News / Middle East

Syrian Army Breaks Rebel Hold on Southern Damascus Suburbs

This image made from citizen journalist video posted by the Shaam News Network, which has been verified and is consistent with other AP reporting, shows smoke from shelling in the countryside of Damascus, Syria, Nov. 6, 2013.
This image made from citizen journalist video posted by the Shaam News Network, which has been verified and is consistent with other AP reporting, shows smoke from shelling in the countryside of Damascus, Syria, Nov. 6, 2013.
Reuters
The Syrian army and loyalist fighters on Thursday captured a strategic southern suburb of Damascus, threatening rebel control of the wider area and cutting off a supply route for insurgents around the capital, opposition activists said.
 
The town of Sbeineh is the third rebel neighborhood to fall to government forces since the army, aided by Shi'ite militias from Iraq, Iran and Lebanon, launched an offensive last month aimed at breaking resistance to President Bashar al-Assad around Damascus, the sources said.
 
“Regime troops backed by Hezbollah stormed Sbeineh. The Free Syrian Army pulled out after fierce battles over the past nine days,” the Sham News Network, an opposition monitoring group, said in a statement.
 
Syria's 2-1/2-year-old conflict began as peaceful protests against four decades of Assad family rule, but it has transformed into a civil war with sectarian dimensions. Assad is from the country's minority Alawite sect, an offshoot of Shi'ite Islam, which has largely stood behind him. Syria's Sunni Muslim majority has led the uprising.
 
Syrian state television said the army had achieved “complete control” over Sbeineh, which it called “a hotbed for militants and a supply center for weapons and ammunition”.
 
“They headed in the direction of Hajar al-Aswad and al-Qadam and the surrounding areas, and we will pursue them there,” an army officer said, referring to the rebel fighters who fled following the battle.
 
The officer was speaking to Syrian television in a live broadcast from Sbeineh, where shattered buildings and deserted bunkers made of sand bags and metal barrels showed the intensity of the fighting in the area, which has been under siege for months.
 
Assad's army has been using a blockade tactic against the rebel-held suburbs that ring the capital. The forces have slowly advanced as they try to drain the rebels - and the civilians that live among them - of food and supplies.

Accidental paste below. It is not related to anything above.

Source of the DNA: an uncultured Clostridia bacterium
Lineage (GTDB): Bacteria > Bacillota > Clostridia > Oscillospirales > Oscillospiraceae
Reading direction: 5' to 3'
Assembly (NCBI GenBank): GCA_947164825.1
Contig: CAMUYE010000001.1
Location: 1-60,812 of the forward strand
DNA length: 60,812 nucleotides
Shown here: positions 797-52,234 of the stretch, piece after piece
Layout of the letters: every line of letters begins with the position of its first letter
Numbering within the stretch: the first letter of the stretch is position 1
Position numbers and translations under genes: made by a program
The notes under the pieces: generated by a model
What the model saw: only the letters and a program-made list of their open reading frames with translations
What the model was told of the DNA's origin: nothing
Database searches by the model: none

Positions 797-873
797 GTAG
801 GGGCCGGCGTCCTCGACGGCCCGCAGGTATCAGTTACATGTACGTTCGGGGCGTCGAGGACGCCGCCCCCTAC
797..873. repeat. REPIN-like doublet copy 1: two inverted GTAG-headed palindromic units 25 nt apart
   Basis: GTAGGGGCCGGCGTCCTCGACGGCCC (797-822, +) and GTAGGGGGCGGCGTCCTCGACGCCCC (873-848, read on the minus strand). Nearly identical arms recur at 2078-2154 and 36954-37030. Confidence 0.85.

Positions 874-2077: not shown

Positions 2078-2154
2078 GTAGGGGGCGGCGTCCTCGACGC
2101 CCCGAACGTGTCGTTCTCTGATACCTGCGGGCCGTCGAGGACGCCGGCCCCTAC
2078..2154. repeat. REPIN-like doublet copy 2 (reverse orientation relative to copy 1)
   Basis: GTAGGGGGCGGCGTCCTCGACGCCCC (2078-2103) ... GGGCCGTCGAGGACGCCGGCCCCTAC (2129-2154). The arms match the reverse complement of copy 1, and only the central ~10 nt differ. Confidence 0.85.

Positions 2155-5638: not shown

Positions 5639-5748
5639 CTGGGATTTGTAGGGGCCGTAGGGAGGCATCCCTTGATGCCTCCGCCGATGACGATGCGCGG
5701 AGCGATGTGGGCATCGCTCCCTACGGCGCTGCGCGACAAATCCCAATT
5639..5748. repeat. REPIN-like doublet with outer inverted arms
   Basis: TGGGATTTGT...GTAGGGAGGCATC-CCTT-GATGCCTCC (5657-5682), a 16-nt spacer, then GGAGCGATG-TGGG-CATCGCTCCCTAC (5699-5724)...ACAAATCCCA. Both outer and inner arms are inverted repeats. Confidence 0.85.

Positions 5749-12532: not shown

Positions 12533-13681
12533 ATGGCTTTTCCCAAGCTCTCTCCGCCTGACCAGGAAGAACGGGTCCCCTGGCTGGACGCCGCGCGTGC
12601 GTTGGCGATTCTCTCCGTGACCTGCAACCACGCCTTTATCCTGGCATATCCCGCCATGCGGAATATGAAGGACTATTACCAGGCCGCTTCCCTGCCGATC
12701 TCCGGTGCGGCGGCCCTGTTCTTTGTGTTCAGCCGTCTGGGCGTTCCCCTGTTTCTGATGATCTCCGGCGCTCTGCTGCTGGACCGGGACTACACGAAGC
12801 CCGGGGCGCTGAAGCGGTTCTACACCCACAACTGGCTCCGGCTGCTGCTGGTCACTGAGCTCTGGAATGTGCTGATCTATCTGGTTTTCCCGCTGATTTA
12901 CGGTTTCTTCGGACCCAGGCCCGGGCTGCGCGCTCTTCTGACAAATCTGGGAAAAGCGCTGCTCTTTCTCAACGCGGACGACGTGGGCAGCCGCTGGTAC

Sbeineh, comprised of residential buildings and a large industrial zone, is situated on the highway linking Damascus to the Jordanian border, and is adjacent to Hajar al-Aswad, a southern district on the outskirts of the capital. Opposition sources have said that Nusra Front leader, Abu Muhammad al-Golani, was living in the town but it was not clear if he was still there.
 
Over the last few weeks southern Damascus has been hit by heavy rocket and artillery barrages while the Shi'ite militias in the nearby district of Saida Zainab conducted most of the street fighting, diplomatic and rebel sources said.
 
Speaking from southern Damascus, activist Rami al-Sayyed said rebel defenses were exposed when loyalist forces easily infiltrated a front manned by fighters operating under the military council command, an Arab- and Western- backed rebel formation based in Turkey.
 
“The rebels began to find themselves encircled and had to pull out. Sbeineh was key to the defense of the southern neighborhoods. Hajar al-Aswad is now vulnerable,” Sayyed said.
 
While Assad has been relying more on his militia allies, fighters from the al-Qaida-linked Nusra Front and the Islamic State for Iraq and the Levant, which is heavily comprised of foreign jihadists, have joined Islamist rebel brigades and Free Syrian Army units to defend southern Damascus, opposition sources said.
 
The Iranian Mehr news agency said on Monday that Mohammad Jamalizadeh, a commander in Iran's Revolutionary Guard, was killed in Syria in the last few days after volunteering to defend the Saida Zainab shrine, a few kilometers to the east of Sbeineh.

You May Like

US, Brazil's Climate-Change Plan: More Renewables, Less Deforestation

update Officials say joint initiative on climate change will allow Brazil, United States to strengthen and accelerate cooperation on issues ranging from land use to clean energy More

Video Blind Somali Journalist Defies Odds in Mogadishu

Reporting from Somali capital for past decade, Abdifatah Hassan Kalgacal has been working at one of Mogadishu's leading radio stations covering parliament More

After Nearly a Century, Voodoo Opera Rises Again

Opera centers on character named Lolo, a Louisiana plantation worker and Voodoo priestess More

Featured Videos

Your JavaScript is turned off or you have an old version of Adobe's Flash Player. Get the latest Flash player.
Blind Somali Journalist Defies Odds in Mogadishui
X
Abdulaziz Billow
June 30, 2015 2:16 PM
Despite improving security in the last few years, Somalia remains one of the most dangerous countries to be a journalist – even more so for someone who cannot see. Abdulaziz Billow has the story of journalist Abdifatah Hassan Kalgacal, who has been reporting from the Somali capital for the last decade despite being blind.